Bauhaus-Universität Weimar

The science of musical sounds
Miller, Dayton Clarence
served’’ amplitudes of the several components of the curve. 
The set of pipes is now placed in front of the phonodeik 
in the position occupied by the original voice, and each 
pipe corresponding to a component tone is separately ad¬ 
justed, till it shows in the phonodeik the amplitude required 
by the analysis for this partial; the adjustment is readily 
verified as the amplitude is directly measurable on the 
ground glass of the camera. The reproduction is wholly 
independent of the peculiarities of the phonodeik, for it is 
made with the same instrument and under the same condi¬ 
tions as was the original record. 
The fundamental pitch is set from a piano or tuning fork, 
and the other partials can then be tuned to the exact har¬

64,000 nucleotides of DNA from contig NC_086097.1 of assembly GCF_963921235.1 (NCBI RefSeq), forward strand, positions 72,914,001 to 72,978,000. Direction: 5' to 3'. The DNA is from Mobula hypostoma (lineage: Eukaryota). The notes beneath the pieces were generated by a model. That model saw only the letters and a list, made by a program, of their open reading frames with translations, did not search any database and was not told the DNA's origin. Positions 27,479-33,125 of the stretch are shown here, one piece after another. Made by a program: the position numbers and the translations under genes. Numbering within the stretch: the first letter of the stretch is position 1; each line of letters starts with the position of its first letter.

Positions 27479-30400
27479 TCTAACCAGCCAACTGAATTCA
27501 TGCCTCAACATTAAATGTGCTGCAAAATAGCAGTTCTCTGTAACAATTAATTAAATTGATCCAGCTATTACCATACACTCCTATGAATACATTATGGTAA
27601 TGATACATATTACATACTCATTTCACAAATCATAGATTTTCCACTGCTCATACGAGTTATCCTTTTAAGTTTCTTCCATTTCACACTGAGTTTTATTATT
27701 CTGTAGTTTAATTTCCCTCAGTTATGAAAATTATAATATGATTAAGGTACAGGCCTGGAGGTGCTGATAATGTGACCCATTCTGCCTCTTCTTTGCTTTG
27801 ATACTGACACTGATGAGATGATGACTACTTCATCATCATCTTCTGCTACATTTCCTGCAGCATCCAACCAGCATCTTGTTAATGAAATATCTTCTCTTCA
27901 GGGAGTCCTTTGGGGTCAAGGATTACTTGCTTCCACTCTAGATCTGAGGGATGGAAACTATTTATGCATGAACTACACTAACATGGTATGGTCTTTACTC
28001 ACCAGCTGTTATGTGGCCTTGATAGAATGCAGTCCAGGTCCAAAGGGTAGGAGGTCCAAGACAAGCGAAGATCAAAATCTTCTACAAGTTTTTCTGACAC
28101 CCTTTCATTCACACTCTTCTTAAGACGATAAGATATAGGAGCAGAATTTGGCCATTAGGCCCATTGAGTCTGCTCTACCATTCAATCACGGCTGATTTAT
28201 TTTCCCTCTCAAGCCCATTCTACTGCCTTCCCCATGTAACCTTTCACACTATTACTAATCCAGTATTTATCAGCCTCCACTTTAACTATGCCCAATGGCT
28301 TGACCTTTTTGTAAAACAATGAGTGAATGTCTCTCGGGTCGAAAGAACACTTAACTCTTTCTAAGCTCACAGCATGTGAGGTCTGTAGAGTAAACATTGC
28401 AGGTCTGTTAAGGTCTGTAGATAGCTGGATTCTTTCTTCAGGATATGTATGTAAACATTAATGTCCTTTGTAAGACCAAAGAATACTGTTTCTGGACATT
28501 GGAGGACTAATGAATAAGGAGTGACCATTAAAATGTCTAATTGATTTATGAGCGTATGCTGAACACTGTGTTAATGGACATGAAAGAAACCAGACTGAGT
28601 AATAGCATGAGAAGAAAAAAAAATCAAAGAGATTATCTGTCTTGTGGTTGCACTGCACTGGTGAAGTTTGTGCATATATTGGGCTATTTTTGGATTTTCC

monic ratios by means of the phonodeik. The pipe for the 
second partial, already in approximate tune, is sounded 
simultaneously with the fundamental, the resulting curve 
is observed on the ground glass of the phonodeik, and the 
pipe is tuned until the wave form remains constant. The 
tuning is now necessarily perfect, since inexact relationship 
produces a slowly changing curve. The third and other 
partials are then successively tuned in the same manner. 
This method of tuning is perhaps the best possible for two 
or more frequencies which are in exact ratios, since it pos¬ 
sesses the advantages of Lissajous’s optical method and is 
more generally applicable. While it is not difficult to ad¬ 
just a small number of pipes to practically perfect harmonic 
frequencies, it is hardly possible to tune sixteen pipes so that 
the resultant wave form remains unchanged, and conse¬ 
quently the synthesized tones do not blend as perfectly as 
do the partials from a single source. With care, however, 
the tuning is sufficiently exact to secure success in the ex¬ 


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